Let's Make Robots!


ViewPort promised easier debugging on the Propeller - does it deliver?

What is ViewPort?

ViewPort is a software tool to help you develop on the Prop.  There are 2 core features;

  • Share variables with your PC.  You can pass variables from the Prop to ViewPort, and it can graph / chart / display the values.  You can also control variables in ViewPort — think of it as injecting values into your program as it's running.
  • Step-by-step Spin debugging.  You can pause your program execution and go through it step-by-step to see how each command is being run & what it's changing.

It also includes a few additional objects that expand the functionality of ViewPort;

  • QuickSample lets you sample values even faster — using 4 cogs it will sample at 80Mhz.
  • FuzzyLogic lets you use fuzzy logic calculations in your own program.  It also integrates with the ViewPort Fuzzy Logic view.
  • CVCapture and CVFilter are for using OpenCV, a machine vision application with the Prop and a host PC.
  • Terminal is a replacement for the standard Propeller Serial Terminal application.  It's there so you can use the terminal while using ViewPort.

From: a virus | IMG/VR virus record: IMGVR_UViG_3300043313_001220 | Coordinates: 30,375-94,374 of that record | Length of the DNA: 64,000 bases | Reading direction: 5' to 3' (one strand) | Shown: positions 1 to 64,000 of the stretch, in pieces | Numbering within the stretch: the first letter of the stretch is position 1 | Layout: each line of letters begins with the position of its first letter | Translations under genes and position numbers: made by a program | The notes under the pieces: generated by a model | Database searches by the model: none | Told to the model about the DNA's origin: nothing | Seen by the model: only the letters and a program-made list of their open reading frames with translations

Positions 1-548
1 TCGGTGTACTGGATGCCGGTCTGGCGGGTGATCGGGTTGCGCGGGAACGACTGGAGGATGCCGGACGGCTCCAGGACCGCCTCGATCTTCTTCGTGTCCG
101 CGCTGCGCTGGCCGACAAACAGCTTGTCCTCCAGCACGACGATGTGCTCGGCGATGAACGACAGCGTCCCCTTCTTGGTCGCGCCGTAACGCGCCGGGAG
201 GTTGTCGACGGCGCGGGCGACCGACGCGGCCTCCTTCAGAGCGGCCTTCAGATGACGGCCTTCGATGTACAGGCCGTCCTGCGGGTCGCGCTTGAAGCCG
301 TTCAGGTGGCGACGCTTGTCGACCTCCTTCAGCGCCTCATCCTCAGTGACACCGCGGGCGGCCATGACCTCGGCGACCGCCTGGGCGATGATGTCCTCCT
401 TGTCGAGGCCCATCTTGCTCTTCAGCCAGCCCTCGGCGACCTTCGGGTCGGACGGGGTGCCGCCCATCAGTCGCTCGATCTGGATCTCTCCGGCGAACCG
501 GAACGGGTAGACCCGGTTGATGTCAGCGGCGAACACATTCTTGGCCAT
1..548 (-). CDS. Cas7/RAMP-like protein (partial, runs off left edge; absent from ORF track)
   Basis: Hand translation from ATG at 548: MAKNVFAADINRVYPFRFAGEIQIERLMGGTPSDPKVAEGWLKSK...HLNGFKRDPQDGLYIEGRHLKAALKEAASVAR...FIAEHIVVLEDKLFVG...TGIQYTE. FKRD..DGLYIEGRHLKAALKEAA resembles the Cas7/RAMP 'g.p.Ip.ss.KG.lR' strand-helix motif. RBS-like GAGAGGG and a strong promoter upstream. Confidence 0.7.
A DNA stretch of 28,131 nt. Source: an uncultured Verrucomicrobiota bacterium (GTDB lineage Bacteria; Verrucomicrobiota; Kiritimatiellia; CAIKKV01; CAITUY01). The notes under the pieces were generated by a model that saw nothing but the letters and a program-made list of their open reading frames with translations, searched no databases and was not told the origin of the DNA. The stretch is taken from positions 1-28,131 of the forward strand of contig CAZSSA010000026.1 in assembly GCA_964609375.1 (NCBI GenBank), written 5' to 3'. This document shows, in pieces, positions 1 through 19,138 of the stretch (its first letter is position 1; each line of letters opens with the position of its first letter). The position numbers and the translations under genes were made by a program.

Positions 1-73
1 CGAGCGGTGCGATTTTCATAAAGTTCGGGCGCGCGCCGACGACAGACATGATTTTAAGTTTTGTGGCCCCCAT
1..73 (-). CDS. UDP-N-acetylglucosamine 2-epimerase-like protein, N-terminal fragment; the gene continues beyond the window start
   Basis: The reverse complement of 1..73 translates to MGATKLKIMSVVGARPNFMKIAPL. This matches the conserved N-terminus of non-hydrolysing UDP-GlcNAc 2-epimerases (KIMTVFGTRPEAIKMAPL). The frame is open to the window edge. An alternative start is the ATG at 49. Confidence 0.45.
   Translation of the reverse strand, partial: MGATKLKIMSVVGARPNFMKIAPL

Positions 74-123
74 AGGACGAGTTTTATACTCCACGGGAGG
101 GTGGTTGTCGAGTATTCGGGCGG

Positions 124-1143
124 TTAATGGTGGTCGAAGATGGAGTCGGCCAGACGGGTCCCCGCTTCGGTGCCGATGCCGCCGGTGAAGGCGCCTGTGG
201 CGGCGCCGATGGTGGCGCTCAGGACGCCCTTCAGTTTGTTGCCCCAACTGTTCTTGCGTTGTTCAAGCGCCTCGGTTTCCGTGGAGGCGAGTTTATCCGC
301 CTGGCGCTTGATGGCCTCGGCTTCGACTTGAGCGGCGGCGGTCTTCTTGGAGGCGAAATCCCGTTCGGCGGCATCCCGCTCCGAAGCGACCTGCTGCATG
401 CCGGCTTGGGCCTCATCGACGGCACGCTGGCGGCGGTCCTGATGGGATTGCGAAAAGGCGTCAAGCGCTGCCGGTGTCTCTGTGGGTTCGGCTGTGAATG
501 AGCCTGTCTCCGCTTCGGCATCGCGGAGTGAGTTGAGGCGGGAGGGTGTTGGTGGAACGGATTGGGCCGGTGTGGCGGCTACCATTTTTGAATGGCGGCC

Most users probably won't use the Fuzzy Logic or OpenCV objects, although they're nice to have.  The QuickSample object is very high resolution, but it was higher resolution then I need.  I usually use the Propeller Serial Terminal to spy in variable values, so I don't need it when using ViewPort, anyway.

Using the Logic Analyzer in ViewPort (
full size)

How do you use it?

You'll need to modify your code slightly to take advantage of ViewPort.

  • You'll need at least one cog free.  That cog will interact with ViewPort on the PC
  • You'll need to add a few lines of code at the beginning of your program.  This will include the 'conduit' object (the object that runs in the free cog to interact with ViewPort) and the variables to pass on to ViewPort.
  • For hardware, you'll need to run the Prop @ 80MHz.

Here's my hardware test rig;

Propeller Platform USB & ProtoPlus

Download ViewPort here, you can grab a 30-day trial & install it.  A few demo programs are already built in, but to use your own programs, you'll need to add a few lines of code;


vp : "Conduit" is the object that communicates with ViewPort,
vp.share(@a,@b) starts the Conduit object and defines the variables you'll be sharing with Viewport.

Tracking & Updating Variables

Be sure to save your program in My Documents/Viewport, because that's where the Conduit object is located.  Open up your test program in ViewPort, connect your Propeller to your PC and turn it on.  Hit 'Load' on ViewPort and the program will compile and load into the Prop.  Now, switch between the top tabs (dso, lsa, all, analog, fuzzy, mixed) to see the shared variables changing values;

Watching the A & B variables change (full size)

Further, you can change the value of each variable by clicking the edit button to the right of the variable name.  The value will change in real-time, without needing to restart the program.